9 Table 27 - Pancreatic cancer: observed and relative survival by sex in Belgium (24-28) and in the Flemish Region ( ) 52 Table 28 - Pancreatic cancer: relative survival by region and sex (24-28) 52 Table 29 - Pancreatic cancer: relative survival by age group and sex (Belgium, 24-28) 52 Table 3 - Pancreatic cancer: relative survival by morphology and sex (Belgium, 24-28) 54 Table 31 - Lung cancer: observed and relative survival by sex in Belgium (24-28) and in the Flemish Region ( ) 55 Table 32 - Lung cancer: relative survival by region and sex (24-28) 56 Table 33 - Lung cancer: relative survival by morphology and sex (Belgium, 24-28) 56 Table 34 - Mesothelioma: observed and relative survival by sex in Belgium (24-28) and in the Flemish Region ( ) 58 Table 35 - Mesothelioma: relative survival by region and sex (24-28) 58 Table 36 - Mesothelioma: relative survival by stage and sex (Belgium, 24-28) 6 Table 37 - Malignant melanoma of skin: observed and relative survival by sex in Belgium (24-28) and in the Flemish Region ( ) 61 Table 38 - Malignant melanoma of skin: relative survival by region and sex (Belgium, 24-28) 62 Table 39 - Malignant melanoma of skin: relative survival by stage and sex (Belgium, 24-28) 62 Table 4 - Malignant melanoma of skin: relative survival by sublocalisation and sex (Belgium, 24-28) 62 Table 41 - Breast cancer: observed and relative survival in Belgium (24-28) and in the Flemish Region ( ) 65 Table 42 - Breast cancer: relative survival by region in females (24-28) 66 Table 43 - Breast cancer: relative survival by age group in females (Belgium, 24-28) 66 Table 44 - Gynaecological invasive tumours: incidence and mortality (28) and 5-year relative survival in Belgium (24-28) 67 Table 45 - Cervical cancer (invasive): observed and relative survival in Belgium (24-28) and in the Flemish Region ( ) 68 list of tables Belgian Cancer Registry 9 Table 46 - Cervical cancer (invasive): relative survival by region (24-28) 69 Table 47 - Corpus uteri cancer: observed and relative survival in Belgium (24-28) and in the Flemish Region ( ) 7 Table 48 - Corpus uteri cancer: relative survival by region (24-28) 7 Table 49 - Corpus uteri cancer: relative survival by age group (Belgium, 24-28) 7 Table 5 - Corpus uteri cancer: relative survival by histopathological grade within carcinoma (Belgium, 24-28) 7 Table 51 - Ovarian cancer (invasive): observed and relative survival in Belgium (24-28) and in the Flemish Region ( ) 73 Table 52 - Ovarian cancer (invasive): relative survival by region (24-28) 73 Table 53 - Ovarian cancer (invasive): relative survival by morphology (Belgium, 24-28) 74 Table 54 - Prostate cancer: observed and relative survival in Belgium (24-28) and in the Flemish Region ( ) 75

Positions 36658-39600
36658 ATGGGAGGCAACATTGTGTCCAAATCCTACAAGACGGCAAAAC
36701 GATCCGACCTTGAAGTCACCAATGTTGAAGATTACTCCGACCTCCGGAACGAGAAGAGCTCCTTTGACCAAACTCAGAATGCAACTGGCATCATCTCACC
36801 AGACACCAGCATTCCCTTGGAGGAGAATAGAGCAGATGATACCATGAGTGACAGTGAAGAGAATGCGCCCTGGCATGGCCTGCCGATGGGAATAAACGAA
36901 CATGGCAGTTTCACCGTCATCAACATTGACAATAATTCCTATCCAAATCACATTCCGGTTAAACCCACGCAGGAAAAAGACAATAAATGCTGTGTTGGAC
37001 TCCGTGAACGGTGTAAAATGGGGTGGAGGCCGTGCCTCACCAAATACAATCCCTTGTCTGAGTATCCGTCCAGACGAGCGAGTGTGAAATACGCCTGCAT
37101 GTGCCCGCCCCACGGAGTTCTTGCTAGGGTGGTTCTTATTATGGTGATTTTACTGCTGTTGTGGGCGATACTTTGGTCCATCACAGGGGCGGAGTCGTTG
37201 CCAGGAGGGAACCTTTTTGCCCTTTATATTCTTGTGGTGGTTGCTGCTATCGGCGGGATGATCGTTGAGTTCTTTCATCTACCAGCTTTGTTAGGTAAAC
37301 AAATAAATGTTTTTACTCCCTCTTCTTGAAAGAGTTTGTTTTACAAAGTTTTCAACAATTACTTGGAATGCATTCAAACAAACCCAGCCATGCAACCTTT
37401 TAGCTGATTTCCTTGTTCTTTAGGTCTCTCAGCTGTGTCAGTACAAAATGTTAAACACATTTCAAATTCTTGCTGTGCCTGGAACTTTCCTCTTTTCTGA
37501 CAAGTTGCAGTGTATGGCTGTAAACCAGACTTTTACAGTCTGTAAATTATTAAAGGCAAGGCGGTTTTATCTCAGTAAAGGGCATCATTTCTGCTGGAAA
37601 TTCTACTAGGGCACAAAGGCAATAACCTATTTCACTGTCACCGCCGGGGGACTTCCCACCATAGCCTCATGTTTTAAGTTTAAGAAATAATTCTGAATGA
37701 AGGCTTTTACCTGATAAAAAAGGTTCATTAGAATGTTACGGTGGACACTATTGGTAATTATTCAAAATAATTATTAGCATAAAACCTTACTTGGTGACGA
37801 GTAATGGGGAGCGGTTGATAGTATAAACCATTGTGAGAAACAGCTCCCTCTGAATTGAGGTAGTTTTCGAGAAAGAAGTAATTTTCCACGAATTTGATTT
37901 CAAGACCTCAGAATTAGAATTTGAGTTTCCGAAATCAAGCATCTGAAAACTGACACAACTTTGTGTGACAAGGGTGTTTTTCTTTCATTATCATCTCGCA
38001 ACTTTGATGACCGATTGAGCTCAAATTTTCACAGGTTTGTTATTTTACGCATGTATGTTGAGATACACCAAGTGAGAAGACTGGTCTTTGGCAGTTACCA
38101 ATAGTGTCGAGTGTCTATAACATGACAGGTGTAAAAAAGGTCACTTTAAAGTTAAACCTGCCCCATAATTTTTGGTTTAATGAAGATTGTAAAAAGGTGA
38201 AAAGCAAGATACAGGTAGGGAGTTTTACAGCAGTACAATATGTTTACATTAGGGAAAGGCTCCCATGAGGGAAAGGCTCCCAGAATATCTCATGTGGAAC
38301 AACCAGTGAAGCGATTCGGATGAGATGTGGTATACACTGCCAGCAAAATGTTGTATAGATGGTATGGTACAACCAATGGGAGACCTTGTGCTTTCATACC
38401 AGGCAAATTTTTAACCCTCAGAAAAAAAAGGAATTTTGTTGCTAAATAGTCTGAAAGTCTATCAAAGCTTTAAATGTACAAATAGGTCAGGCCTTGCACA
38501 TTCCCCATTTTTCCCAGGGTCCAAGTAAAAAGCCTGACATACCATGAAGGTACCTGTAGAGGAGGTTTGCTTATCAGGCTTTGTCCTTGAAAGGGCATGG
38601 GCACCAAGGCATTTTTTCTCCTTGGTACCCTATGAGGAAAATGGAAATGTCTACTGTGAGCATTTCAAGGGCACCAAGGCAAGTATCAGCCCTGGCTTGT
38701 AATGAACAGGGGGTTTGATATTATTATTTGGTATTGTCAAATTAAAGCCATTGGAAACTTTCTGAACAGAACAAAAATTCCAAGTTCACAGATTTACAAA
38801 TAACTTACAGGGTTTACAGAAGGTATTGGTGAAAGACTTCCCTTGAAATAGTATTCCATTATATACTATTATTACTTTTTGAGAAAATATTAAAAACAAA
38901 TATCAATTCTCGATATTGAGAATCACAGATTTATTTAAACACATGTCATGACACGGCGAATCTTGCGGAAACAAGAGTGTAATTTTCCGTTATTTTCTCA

10 Table 55 - Prostate cancer: relative survival by region (24-28) 76 Table 56 - Prostate cancer: relative survival by age group (Belgium, 24-28) 76 Table 57 - Testicular cancer: observed and relative survival in Belgium (24-28) and in the Flemish Region ( ) 78 Table 58 - Testicular cancer: relative survival by region (24-28) 78 Table 59 - Testicular cancer: relative survival by age group (Belgium, 24-28) 78 Table 6 - Testicular cancer: relative survival by morphology (Belgium, 24-28) 78 Table 61 - Kidney cancer: observed and relative survival by sex in Belgium (24-28) and in the Flemish Region ( ) 8 Table 62 - Kidney cancer: relative survival by region and sex (24-28) 8 Cancer survival in belgium Belgian Cancer Registry 1 Table 63 - Bladder cancer (invasive): observed and relative survival by sex in Belgium (24-28) and in the Flemish Region ( ) 81 Table 64 - Bladder cancer (invasive): relative survival by region and sex (24-28) 82 Table 65 - Bladder cancer (invasive): relative survival by age group and sex (Belgium, 24-28) 82 Table 66 - Tumours of the central nervous system: observed and relative survival by sex in Belgium (24-28) and in the Flemish Region ( ) 83 Table 67 - Tumours of the central nervous system: relative survival by region and sex (24-28) 83 Table 68 - Tumours of the central nervous system: relative survival by age group and sex (Belgium, 24-28) 83 Table 69 - Tumours of the central nervous system: relative survival by morphology and sex (Belgium, 24-28) 84 Table 7 - Thyroid cancer: observed and relative survival by sex in Belgium (24-28) and in the Flemish Region ( ) 86 Table 71 - Thyroid cancer: relative survival by region and sex (24-28) 87 Table 72 - Thyroid cancer: relative survival by stage and sex (Belgium, 24-28) 87 Table 73 - Thyroid cancer: relative survival by morphology and sex (Belgium, 24-28) 88 Table 74 - Overview by ICD-1: observed and relative survival in males, Belgium (24-28) 89 Table 75 - Overview by ICD-1: observed and relative survival in females, Belgium (24-28) 92 Table 76 - Overview by ICD-1: observed and relative survival in males, Flemish Region ( ) 95 Table 77 - Overview by ICD-1: observed and relative survival in, Flemish Region ( ) 98 Table 78 - Overview by tumour group studied: age-standardised relative survival in males, Belgium (24-28) 11 Table 79 - Overview by tumour group studied: age-standardised relative survival in females, Belgium (24-28) 12